Crop Report for the week ending April 6
By Tom Tucker
1:54 pm,
April 5, 2024

SMALL GRAINS AND OTHER FIELD CROPS: Winter grain and forage crops such as wheat, oats, and barley continue to grow as recent rains have been beneficial. Winter forage crops that were planted early last fall have produced grain heads. Some fields have already been cut and the remaining fields have a few weeks of growth left. Winter grain and forage crops are being treated for pests as weather permits, a break in rain has growers applying herbicides and fungicides. Cotton fields are being prepared for planting and a few farmers have already started planting. Alfalfa fields continue to grow well. Forage crops and winter crops are in excellent condition from winter and spring storms.

DECIDUOUS TREE FRUITS, NUTS, AND GRAPES: Kiwi vineyards have begun to leaf out and grow new vines. Grape vineyards are continuing to leaf and vine, with crews cleaning up the rows. Persimmons and pomegranates continue to develop their leaves. Walnuts catkins are present and pistachio orchards are breaking dormancy with leaves emerging. Cherry, peach, and plum orchards have blossomed and are now adding leaves to their branches. Fruit trees are being thinned while immature fruit continues to develop. Almond orchards continue to develop immature almonds. Pistachios are being exported to China, India, Israel, and Hong Kong. Walnut grove removal continues with older orchards being pulled and fields being leveled.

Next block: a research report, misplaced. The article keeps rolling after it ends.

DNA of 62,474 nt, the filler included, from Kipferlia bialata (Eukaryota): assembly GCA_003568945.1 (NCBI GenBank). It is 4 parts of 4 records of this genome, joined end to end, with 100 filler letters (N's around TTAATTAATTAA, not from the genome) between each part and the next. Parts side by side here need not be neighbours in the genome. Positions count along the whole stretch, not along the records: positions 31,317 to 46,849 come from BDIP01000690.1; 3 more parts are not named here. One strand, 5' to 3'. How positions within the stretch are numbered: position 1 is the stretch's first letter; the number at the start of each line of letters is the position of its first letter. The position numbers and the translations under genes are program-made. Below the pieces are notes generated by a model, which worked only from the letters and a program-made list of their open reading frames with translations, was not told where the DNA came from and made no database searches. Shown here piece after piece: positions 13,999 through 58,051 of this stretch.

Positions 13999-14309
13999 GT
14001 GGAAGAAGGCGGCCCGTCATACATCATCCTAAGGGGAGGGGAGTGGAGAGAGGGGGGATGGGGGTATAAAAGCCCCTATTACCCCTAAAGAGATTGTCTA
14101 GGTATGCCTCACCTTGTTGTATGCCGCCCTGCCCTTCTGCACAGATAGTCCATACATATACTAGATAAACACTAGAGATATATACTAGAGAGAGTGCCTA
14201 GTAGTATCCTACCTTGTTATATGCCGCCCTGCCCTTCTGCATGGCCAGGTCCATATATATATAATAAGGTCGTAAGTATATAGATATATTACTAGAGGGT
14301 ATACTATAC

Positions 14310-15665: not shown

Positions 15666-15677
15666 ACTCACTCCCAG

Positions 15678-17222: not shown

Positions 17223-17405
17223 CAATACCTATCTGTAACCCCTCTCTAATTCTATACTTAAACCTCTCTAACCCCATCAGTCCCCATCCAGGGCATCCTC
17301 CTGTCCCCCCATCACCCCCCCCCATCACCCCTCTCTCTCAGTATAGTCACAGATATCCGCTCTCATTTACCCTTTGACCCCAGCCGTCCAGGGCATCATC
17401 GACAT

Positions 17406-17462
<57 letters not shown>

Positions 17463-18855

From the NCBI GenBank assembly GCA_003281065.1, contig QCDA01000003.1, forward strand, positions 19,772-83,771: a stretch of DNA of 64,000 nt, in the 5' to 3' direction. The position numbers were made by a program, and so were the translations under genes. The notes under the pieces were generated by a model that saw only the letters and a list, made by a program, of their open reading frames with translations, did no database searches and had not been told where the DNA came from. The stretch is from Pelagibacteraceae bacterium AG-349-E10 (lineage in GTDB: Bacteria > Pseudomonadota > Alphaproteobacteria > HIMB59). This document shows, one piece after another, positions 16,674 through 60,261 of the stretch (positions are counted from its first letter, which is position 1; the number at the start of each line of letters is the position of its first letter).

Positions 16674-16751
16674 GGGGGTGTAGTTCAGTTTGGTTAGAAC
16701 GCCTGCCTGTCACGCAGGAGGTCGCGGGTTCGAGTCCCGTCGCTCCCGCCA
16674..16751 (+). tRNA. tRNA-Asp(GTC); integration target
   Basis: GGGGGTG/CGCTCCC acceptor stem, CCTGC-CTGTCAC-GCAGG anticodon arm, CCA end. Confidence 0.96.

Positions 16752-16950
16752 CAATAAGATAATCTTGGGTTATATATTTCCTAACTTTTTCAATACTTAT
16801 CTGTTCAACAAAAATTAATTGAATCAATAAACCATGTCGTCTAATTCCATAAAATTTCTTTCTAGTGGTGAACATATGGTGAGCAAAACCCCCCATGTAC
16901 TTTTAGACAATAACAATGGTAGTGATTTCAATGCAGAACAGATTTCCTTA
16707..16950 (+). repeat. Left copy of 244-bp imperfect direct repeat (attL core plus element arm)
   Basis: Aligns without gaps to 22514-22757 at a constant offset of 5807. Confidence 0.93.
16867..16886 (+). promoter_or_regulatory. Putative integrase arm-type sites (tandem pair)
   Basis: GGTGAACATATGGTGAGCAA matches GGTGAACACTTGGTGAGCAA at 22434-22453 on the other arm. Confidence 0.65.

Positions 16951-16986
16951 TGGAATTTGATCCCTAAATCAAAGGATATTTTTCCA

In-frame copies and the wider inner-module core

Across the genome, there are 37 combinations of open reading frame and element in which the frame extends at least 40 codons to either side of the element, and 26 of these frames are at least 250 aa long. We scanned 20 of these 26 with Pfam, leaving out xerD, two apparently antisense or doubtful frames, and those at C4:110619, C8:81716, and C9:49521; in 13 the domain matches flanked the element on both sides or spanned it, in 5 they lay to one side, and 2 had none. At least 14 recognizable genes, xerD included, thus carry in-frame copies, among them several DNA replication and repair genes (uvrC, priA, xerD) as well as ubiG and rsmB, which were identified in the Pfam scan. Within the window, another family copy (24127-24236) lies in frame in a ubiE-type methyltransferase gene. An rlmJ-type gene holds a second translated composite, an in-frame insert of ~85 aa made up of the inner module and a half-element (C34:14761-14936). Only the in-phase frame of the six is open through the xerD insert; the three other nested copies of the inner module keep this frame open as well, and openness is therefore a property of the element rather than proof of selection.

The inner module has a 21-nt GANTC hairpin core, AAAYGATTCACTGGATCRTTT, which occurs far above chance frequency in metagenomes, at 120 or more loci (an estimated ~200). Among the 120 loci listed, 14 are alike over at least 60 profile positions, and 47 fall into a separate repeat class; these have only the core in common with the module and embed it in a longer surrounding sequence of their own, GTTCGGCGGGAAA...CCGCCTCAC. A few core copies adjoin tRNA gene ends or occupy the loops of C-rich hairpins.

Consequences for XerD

CITRUS, AVOCADOS, AND OLIVES: Citrus bloom is in full swing, and bloom has been declared in Districts 1, 2, and 3. Bee colonies have been placed in many citrus groves. Mandarins are being netted to prevent pollination. The last of the late navels are being harvested as puff and crease increases. A few grapefruit and lemon groves are still being harvested. Valencia harvest will begin in the coming weeks. Navels are being exported to Australia, New Zealand, Mexico, Japan, Taiwan, and Korea. Olives are also in bloom. 

VEGETABLES, MELONS, HERBS, AND BERRIES: Strawberry harvest has started in parts of the county. Black berry leaves are emerging. Winter vegetables continue to grow. Tomato fields are being prepared for spring planting. Blueberry fields have been pollinated and are developing fruit that is estimated to be harvested in late April and May. Some roadside stands have been harvesting and selling fall onions, garlic, sweet peas, and strawberries.

LIVESTOCK AND POULTRY: Sheep are being used as weed control for orchards. Rangeland is still greening, and wildflowers are blooming. The cattle market is doing well, with calves popping up in the hills and steers bulking with lots of greenery to eat. Manure is being cleaned out of dairies and used for compost The fed-cattle price is $187/cwt this week.

TOM’S ADDITIONAL COMMENTS: Local nurseries are booming with vegetables, tomatoes, herbs, and fruit trees. As well as ornamental flowers, shrubs, and trees. Nursery shipments have been up in recent weeks and many seasoned gardeners are picking up their tomato, squash, cucumber, pepper, onion, herb, and other veggies to plant this spring before the weather gets too hot. Nursery stock continues to move out of Tulare County to other parts of the United States and Canada.

About the Author

Tom Tucker